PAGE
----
Albany Police Chief Appointee Shares Plan To Tackle Education, Economic Development
Police Chief appointee Eric Hawkins says he'll bring policies and procedures to Albany that worked well in Southfield, Michigan.
When Albany Mayor Kathy Sheehan introduced her police chief appointee to the media earlier this week, the idea of police involvement in education, stemming from community policing ideals, came up: "You know, the city of Albany many years ago, made the decision that the district would be independent of the city, and that was all for good and valid reasons, but I think we got a little too far apart."
Sheehan said she expects the city to work with the police department on issues involving economic development. That seems to be in line with philosophy embraced by Hawkins. "We work very closely with our economic development team in our city, because there's certain types of businesses and there's certain places, even if the business itself is appropriate, there's certain places, locations, where maybe it's not appropriate. And we started to see that a lot of our crime 20 and 25 years ago were clustered around certain types of businesses in certain areas."
Hawkins says violent crime in Southfield back then was much worse than what Albany is experiencing right now. That's where working closely with the economic development team and school resource officers comes into play. "We saw 20 and 25 years ago, that a lot of the crime that was being committed, the violent crimes in our community were being committed by individuals who had gone through our school system, and they were young and they were having issues. And so we really strengthened our relationship with our school system so that we could have a better relationship with some of the so-called 'at-risk' young men and young women."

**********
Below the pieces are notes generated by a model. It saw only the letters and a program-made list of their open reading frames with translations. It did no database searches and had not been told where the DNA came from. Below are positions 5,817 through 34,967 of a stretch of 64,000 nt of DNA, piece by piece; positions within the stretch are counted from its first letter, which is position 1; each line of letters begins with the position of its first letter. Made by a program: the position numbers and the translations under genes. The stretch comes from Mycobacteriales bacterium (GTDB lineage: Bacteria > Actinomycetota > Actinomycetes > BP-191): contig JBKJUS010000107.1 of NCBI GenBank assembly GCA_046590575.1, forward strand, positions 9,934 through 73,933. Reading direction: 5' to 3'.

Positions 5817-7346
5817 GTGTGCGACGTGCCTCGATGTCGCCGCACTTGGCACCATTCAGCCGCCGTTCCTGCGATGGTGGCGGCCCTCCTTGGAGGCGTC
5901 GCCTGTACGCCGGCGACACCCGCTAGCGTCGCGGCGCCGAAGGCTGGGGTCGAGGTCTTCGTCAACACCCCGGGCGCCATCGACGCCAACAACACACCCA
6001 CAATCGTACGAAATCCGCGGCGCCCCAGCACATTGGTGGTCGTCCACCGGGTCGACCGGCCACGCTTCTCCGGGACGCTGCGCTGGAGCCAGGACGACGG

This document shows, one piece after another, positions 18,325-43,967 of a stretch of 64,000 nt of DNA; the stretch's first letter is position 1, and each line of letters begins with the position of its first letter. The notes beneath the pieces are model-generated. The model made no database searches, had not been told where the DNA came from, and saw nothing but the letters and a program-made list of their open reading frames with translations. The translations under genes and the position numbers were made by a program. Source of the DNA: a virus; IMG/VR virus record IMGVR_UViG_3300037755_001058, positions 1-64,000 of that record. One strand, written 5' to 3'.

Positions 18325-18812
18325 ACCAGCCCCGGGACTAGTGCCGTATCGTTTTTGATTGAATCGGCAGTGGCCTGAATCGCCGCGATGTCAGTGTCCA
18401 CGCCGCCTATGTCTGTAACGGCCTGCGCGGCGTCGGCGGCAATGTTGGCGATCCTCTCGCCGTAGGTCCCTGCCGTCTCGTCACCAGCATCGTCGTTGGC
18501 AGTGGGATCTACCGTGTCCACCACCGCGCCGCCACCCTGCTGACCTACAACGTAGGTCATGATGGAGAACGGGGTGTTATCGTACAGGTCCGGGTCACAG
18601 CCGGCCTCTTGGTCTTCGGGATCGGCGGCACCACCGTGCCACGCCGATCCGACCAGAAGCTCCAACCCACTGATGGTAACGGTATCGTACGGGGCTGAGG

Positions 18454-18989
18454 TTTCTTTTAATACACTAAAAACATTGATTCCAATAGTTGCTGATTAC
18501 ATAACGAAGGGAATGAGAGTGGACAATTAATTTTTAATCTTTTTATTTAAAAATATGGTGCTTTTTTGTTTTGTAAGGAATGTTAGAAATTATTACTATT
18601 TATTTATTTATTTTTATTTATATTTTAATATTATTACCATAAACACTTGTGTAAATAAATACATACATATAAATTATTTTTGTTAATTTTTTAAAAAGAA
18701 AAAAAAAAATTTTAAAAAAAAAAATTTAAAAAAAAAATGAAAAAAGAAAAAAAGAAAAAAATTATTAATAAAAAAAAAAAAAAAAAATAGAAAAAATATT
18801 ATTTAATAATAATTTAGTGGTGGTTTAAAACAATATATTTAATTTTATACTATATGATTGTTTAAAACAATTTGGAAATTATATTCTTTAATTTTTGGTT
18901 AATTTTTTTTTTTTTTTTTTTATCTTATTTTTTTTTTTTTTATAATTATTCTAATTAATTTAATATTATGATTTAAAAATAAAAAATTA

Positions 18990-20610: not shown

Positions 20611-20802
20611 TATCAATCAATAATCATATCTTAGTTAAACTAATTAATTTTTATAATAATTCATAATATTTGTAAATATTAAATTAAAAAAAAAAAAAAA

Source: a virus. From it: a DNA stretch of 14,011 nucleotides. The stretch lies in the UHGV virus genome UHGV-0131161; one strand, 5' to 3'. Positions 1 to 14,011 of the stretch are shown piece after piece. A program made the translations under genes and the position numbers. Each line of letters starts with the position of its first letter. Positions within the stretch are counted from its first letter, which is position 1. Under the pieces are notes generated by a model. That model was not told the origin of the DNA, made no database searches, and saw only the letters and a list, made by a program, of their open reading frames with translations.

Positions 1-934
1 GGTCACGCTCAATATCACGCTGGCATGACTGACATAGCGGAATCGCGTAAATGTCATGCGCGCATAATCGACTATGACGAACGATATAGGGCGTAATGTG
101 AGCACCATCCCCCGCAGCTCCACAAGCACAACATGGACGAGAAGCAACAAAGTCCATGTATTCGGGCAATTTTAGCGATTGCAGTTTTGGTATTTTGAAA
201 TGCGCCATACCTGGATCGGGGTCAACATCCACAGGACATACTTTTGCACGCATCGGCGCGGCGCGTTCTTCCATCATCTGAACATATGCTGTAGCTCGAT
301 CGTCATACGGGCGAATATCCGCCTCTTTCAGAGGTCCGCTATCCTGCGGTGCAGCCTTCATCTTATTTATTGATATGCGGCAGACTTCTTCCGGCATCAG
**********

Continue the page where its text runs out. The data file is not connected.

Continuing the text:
Hawkins calls his approach "holistic." Sheehan adds there is much work to be done when it comes to the Albany School District — perhaps signaling that some policy overhauls are on the way once Hawkins position is secure. Meanwhile the clock is ticking as the Common Council has 45 days to confirm Hawkins appointment. Council President Corey Ellis: "Most members haven't met the new chief yet. That process will happen. The council will get a chance to go in more in depth about the chief's visions for the city, doing a public committee meeting that's scheduled in August."
If the Council fails to take action to confirm the appointment, Hawkins is effectively confirmed. Ellis had a brief meeting with him: "I think a lot of things that he brings to the table is from what he's done already, so it should be interesting, I think council members will have very interesting conversations with him. I believe just, not just from his resume but from talking to him that he understands the challenges that we face in the city, but there are challenges he's seen before."
The mayor expects all council members to be present for an August 21st public safety and personnel committee meeting at city hall. The chief’s salary will be $145,000 annually.